Platform alliances and fragmented user experiences

As a bit of funny context, I’m writing this post amidst one of the biggest stock sell-offs in recent decades. US stock markets actually triggered their circuit-breakers after opening 7% down, and paused trading for 15 minutes. I thought I’d try to be a bit more constructive with my time (while sipping some scotch), instead of just fidgeting in front of my portfolio dashboard.

Nvidia’s GeForce Now has been a steady thread of gaming news in recent weeks. Despite (or rather, exactly due to) what feels like a more compelling end-user value proposition (stream the games you previously purchased), numerous publishers large and small (Activision Blizzard, Bethesda etc.) have pulled their content from this service. Publishers’ perspective is simple: they really don’t like it when a new service generates revenue off their content, without their permission or share of profits. (This The Verge article gives a good overview and analysis of the situation.)

One interesting development today – on one hand, another large publisher, 2K Games, pulled their content; on the other, Epic Games endorsing the platform with the full weight of their store.

The Epic decision is interesting partially because how transparent Tim Sweeney is with his intent. To quote him directly:

Epic is wholeheartedly supporting NVIDIA’s GeForce NOW service with Fortnite and with Epic Games Store titles that choose to participate (including exclusives), and we’ll be improving the integration over time.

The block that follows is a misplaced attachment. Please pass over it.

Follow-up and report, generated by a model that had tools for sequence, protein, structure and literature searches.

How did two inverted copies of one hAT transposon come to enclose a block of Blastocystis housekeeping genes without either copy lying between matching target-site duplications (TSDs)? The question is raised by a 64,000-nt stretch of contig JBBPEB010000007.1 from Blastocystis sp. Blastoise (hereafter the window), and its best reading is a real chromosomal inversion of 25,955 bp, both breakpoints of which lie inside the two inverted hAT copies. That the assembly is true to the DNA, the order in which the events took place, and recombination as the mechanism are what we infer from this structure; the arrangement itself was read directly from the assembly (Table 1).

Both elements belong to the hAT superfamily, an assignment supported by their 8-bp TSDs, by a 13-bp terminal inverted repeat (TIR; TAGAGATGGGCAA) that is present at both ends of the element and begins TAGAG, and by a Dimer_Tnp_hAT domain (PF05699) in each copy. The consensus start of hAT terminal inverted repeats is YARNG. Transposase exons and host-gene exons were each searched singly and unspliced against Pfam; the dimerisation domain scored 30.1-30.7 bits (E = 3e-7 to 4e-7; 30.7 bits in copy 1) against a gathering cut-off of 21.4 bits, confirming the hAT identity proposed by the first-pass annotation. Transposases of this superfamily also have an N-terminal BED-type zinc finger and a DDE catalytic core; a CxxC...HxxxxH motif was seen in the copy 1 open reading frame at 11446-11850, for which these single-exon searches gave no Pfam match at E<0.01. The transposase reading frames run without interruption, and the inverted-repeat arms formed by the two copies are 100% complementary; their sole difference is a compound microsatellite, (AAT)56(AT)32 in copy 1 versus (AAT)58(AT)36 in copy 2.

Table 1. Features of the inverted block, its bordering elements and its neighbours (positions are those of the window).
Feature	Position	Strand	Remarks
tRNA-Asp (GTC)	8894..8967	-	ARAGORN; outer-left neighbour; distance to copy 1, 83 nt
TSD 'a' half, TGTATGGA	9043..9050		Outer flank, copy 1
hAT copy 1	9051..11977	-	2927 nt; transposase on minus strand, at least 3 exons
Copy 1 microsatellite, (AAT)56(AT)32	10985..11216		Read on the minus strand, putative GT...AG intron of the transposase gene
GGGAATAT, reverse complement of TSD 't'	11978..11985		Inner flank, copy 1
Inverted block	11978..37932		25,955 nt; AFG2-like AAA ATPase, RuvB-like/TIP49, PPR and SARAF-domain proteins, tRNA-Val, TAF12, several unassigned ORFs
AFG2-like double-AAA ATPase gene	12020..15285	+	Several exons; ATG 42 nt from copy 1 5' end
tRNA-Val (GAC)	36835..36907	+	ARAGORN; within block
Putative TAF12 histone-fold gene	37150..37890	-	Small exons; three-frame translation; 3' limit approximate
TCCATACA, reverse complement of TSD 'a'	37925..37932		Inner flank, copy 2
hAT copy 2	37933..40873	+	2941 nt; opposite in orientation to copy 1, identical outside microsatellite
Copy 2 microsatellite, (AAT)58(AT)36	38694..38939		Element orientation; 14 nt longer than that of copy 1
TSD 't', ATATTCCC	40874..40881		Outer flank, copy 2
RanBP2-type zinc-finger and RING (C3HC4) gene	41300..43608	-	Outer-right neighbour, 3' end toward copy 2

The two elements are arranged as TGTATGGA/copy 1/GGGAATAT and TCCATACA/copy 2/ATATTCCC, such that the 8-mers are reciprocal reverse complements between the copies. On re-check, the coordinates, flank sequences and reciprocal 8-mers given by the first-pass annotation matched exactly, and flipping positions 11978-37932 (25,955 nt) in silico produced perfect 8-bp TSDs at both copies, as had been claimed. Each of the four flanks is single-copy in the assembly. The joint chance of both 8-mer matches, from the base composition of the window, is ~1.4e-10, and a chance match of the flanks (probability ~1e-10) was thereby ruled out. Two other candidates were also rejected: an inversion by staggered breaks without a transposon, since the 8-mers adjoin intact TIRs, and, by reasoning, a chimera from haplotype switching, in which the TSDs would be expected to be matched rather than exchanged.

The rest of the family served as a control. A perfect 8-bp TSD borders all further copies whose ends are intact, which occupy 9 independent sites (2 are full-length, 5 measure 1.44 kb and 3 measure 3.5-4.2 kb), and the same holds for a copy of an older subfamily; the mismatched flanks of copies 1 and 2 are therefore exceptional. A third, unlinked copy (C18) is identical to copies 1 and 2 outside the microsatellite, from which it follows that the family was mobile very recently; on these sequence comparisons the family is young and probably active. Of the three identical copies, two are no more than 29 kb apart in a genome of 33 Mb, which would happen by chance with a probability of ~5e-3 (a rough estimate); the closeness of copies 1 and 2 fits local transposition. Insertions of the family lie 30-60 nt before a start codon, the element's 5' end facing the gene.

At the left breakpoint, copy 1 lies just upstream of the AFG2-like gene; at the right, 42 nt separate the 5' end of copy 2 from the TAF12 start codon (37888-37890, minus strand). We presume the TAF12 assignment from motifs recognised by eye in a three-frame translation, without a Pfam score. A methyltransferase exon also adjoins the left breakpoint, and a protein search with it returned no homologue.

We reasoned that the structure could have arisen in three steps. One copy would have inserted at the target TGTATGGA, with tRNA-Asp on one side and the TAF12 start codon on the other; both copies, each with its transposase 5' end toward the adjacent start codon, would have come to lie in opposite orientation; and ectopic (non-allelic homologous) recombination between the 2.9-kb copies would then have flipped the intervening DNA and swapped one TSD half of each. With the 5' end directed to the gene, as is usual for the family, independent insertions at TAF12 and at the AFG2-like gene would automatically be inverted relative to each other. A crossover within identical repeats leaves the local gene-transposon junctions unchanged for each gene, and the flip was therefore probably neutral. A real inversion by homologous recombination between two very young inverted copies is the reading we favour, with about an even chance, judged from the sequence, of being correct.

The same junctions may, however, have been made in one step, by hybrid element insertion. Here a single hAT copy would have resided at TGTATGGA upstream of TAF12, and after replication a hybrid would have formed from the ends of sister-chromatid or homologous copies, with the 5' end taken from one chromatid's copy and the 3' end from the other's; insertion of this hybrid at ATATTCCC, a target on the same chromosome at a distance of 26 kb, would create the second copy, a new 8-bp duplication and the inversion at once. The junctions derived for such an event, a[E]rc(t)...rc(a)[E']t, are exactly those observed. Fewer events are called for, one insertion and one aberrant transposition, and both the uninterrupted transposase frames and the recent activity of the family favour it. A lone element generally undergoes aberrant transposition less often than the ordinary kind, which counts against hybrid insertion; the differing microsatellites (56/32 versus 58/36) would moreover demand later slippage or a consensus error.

It’s the most developer-friendly and publisher-friendly of the major streaming services, with zero tax on game revenue. Game companies who want to move the game industry towards a healthier state for everyone should be supporting this kind of service!

Cloud streaming services will also be key players in ending the iOS and Google Play payment monopolies and their 30% taxes. Apple has decreed that these services aren’t allowed to exist on iOS, and therefore aren’t allowed to compete, which is megalomaniacal and won’t stand.

Some quick observations. First of all, Sweeney caveats/acknowledges that this support still requires publishers’ participation. So the actual impact / enrollment still needs to be seen. (When I first saw the headline without reading Sweeney’s original tweet, I thought it was an unilateral move and wondered how that would work.) And if it does not result in a great majority of the store’s titles becoming streamable, it could mean a very fragmented (and confusing) end-user experience – for example, would Epic Game Store (EGS) add a platform tag on each title that shows which ones are compatible with GeForce Now?

Second, Sweeney discloses his motive is at least partially (if not primarily) about forming an alliance against iOS / Google Play. This makes theoretical sense, and is the sort of classic partnership that gets discussed in business strategy classes. The reason Epic is so eager to rally support against iOS / Google Play platform rules is simple – across the entire video-games vertical, mobile (due to its sheer scale) is generally the biggest opportunity for revenue growth, and the 30% platform fees are likely the biggest opportunity for profit (bottom-line) growth. This logic is the same whether Epic sees itself as a games developer or a publishing platform for 3rd parties.1